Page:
As the Board this week approved $29.8 million to accommodate inmates who have a problem with mental health or substanceabuse issues and qualifyfor a diversion program,ACLU officials saidthat funding wouldn’t normally be adequate to immediately address the requirements of inmates that are already looking forward to days at the jails IRC.

The county supervisors have long touted a Care First, Jails Last approach, but have didn’t make any meaningful investments in community-based alternatives to incarceration, saidMelissa Camacho-Cheung, ACLU SoCal senior staff attorney.We realize what works for the neighbors and family that are suffering: community-based programming that delivers people who have case management, stable housing, medical and mental healthcare and support.

An inmate sleeps next to garbage on the ground in horrifying living conditions.
An inmate sleeps close to garbage on the floor in horrifying living conditions.
US District Court

Supervisor Kathryn Barger said as the Boards focus has been on diversion programs, more action should be taken up to createan alternate arrange for those people who are still in jail.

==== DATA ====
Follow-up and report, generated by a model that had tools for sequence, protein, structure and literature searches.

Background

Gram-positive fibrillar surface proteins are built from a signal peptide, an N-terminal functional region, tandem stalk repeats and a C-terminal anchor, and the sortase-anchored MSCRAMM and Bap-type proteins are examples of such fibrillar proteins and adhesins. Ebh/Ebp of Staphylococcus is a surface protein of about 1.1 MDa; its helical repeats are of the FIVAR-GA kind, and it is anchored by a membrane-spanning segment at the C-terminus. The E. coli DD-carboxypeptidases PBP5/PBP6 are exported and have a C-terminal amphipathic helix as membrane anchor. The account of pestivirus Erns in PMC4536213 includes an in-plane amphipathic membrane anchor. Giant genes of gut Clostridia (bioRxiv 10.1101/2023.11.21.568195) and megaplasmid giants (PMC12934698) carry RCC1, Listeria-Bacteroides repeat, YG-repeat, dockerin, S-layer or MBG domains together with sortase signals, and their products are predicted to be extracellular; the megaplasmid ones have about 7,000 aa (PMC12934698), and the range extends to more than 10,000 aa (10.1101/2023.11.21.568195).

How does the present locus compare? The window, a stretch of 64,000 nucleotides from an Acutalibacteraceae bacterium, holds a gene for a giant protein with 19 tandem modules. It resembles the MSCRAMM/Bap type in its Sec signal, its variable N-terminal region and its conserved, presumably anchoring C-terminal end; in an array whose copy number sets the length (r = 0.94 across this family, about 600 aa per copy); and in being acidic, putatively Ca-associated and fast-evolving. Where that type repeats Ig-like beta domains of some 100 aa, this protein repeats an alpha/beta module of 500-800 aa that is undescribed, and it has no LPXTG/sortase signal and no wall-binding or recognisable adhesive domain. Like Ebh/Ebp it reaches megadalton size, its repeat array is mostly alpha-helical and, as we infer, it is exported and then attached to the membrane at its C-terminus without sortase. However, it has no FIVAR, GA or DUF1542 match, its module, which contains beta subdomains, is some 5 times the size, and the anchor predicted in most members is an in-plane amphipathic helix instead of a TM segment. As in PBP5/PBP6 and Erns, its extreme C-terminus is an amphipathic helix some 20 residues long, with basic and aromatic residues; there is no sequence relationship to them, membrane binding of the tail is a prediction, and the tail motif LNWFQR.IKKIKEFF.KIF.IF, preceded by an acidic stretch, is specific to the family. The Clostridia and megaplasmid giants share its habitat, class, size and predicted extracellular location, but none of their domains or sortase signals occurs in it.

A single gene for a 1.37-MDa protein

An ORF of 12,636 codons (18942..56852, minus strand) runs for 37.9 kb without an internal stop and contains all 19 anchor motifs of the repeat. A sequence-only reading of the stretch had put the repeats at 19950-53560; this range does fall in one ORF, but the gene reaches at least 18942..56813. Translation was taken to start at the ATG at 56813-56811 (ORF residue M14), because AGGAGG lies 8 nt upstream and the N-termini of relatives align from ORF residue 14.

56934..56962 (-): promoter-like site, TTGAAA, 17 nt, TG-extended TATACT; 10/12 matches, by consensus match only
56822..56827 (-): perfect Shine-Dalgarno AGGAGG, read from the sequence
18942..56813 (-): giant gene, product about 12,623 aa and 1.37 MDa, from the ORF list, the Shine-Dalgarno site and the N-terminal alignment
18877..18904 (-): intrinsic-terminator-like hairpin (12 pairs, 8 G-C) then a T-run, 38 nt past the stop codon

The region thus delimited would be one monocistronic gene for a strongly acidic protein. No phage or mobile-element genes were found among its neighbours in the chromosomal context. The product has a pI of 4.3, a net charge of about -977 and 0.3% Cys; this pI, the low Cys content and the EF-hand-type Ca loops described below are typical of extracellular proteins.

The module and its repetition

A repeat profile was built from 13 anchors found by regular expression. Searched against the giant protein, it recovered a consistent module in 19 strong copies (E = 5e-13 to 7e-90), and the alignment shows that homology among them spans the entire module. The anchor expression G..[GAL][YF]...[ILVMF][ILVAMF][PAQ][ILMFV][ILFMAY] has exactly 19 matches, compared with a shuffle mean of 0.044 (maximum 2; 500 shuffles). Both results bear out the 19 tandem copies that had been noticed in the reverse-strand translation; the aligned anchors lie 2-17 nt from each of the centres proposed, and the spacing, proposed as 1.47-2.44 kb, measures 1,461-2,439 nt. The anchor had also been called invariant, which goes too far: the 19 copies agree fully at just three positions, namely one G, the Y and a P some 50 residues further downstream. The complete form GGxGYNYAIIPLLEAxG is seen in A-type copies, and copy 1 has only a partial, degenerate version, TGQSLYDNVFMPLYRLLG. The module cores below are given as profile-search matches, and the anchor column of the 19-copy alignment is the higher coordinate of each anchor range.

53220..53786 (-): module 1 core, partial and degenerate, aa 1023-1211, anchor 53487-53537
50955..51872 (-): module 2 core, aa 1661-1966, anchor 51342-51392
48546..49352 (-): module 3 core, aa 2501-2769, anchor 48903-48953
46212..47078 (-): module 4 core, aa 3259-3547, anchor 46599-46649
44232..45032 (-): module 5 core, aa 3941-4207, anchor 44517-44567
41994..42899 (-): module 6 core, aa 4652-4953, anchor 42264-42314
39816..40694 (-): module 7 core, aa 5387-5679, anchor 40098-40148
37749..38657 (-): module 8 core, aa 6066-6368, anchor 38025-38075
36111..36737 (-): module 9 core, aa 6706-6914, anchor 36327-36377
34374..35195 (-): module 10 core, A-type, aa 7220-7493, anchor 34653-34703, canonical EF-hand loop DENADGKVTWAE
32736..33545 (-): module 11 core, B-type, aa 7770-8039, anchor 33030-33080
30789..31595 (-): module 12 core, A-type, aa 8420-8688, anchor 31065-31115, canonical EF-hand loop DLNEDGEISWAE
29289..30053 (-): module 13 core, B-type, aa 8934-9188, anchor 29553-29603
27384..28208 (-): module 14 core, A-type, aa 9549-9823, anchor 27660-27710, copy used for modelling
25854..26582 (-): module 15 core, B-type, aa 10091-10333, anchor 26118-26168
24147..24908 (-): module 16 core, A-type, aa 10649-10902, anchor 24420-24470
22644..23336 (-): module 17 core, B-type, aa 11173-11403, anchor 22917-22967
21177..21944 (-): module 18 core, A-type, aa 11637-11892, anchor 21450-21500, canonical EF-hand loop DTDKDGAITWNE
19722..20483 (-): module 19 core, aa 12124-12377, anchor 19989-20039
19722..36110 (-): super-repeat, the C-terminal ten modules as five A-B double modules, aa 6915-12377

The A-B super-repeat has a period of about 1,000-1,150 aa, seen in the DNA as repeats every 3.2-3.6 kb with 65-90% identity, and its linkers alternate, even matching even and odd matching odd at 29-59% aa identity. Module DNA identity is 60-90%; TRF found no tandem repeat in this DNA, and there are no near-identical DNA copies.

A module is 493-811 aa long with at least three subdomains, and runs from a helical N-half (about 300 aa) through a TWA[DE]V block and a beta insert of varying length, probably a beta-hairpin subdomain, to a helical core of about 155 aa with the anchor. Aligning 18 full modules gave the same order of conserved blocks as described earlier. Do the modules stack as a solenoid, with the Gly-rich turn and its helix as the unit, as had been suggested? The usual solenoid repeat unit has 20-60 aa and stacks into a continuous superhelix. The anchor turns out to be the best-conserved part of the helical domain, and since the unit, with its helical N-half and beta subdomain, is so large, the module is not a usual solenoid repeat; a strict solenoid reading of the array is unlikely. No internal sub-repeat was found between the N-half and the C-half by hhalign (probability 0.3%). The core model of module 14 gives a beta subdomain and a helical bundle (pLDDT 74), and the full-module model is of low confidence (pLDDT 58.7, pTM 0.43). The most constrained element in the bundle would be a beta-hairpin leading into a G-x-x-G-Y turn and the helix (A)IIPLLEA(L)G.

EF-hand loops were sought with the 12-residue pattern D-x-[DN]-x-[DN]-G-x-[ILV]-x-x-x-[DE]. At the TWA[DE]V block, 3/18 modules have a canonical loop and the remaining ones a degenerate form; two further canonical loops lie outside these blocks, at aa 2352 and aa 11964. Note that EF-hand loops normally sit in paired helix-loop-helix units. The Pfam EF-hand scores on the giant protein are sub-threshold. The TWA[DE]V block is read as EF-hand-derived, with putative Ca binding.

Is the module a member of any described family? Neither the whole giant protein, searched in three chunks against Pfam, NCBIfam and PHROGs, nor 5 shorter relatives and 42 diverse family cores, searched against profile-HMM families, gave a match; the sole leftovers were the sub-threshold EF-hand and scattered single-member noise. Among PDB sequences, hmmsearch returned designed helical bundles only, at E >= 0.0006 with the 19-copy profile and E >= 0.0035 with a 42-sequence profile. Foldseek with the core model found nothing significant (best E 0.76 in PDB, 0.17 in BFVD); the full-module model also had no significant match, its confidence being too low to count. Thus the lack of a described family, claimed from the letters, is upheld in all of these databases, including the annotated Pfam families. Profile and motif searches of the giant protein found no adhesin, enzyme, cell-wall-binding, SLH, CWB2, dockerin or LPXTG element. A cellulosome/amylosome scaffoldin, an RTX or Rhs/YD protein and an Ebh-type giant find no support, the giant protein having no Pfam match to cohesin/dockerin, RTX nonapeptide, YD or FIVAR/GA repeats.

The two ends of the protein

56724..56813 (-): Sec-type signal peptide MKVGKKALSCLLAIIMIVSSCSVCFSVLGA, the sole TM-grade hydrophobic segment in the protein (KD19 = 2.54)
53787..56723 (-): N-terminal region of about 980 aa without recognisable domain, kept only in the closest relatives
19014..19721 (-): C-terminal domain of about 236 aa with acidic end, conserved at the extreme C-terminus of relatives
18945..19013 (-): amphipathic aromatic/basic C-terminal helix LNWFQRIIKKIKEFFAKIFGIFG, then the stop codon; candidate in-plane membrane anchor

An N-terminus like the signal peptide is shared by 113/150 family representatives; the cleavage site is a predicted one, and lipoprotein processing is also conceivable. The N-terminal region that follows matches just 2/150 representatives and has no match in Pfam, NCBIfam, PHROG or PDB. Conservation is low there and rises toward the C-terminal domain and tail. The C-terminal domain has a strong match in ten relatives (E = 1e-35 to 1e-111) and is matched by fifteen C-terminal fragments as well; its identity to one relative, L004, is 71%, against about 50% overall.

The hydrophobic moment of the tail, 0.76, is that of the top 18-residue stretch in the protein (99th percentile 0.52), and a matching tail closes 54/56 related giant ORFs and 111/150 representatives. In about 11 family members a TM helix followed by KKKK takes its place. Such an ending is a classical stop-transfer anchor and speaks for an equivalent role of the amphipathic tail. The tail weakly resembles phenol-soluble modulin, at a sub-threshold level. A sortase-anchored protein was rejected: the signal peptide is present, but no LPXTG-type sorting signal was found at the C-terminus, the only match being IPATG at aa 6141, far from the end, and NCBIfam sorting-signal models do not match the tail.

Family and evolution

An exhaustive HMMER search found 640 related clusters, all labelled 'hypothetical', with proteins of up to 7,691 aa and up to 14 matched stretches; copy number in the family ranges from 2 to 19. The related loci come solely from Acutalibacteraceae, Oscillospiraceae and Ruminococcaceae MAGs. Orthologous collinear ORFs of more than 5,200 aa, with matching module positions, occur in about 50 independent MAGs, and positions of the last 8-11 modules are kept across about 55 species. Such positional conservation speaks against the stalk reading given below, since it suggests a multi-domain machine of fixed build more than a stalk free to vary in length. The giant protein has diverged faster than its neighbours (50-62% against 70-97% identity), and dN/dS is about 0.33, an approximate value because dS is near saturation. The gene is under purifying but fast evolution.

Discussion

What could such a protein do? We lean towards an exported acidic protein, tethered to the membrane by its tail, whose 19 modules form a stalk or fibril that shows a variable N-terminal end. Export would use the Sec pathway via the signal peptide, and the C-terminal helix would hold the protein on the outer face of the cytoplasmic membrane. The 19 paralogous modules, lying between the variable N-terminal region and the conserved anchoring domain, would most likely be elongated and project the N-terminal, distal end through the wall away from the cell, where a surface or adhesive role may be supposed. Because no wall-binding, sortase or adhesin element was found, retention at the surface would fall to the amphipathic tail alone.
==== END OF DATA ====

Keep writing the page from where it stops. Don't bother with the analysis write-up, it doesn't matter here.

Closing Mens Central Jail with out a replacement plan is really a mistake and an insurance plan direction I’ve consistently opposed,Barger told The Post.I really believe the conditions at the Inmate Reception Center certainly are a direct consequence of that policy direction and a void it has generated.

She added, My position has been and is still that people must choose longterm and permanent treatment for replace Mens Central Jail. Our incarceration model is antiquated and must be replaced with a state-of-the-art facility staffed with quality professionals who is able to provide vital drug abuse and mental health treatment. This is actually the direction which will lead us to a far more humane environment for all those inside our justice system who can’t be diverted.

Based on the ACLU suit, inmates have died because they wait in thecounty jails inmate reception center. A guy died in April after he was found unresponsive, while a 72-year old man who was simply held at the IRC received no medical assistance and collapsed and died after two days.

IRC clinic from the side.
Crowded conditions within the LA County Jails IRC.
US District Court

Celia Banos, whose son Jhean has been identified as having schizophrenia, said her son was held a lot more than four days at the county jails Inmate Reception Center.

Jhean Banos had various cuts and bruises on his wrist because he was cuffed for a lot more than 99 hours.

My sons mental health isn’t a crime, Celia Banos said. Rather than providing him with the procedure he needs from medical researchers, the county resorts to locking him up without care and without his medication.

Based on the ACLU suit, inmates spend from 49 hours to 200 hours waiting to be moved or treated.

Late-summer numbers show a long-standing problem which has spiraled uncontrollable, ACLU attorneys said.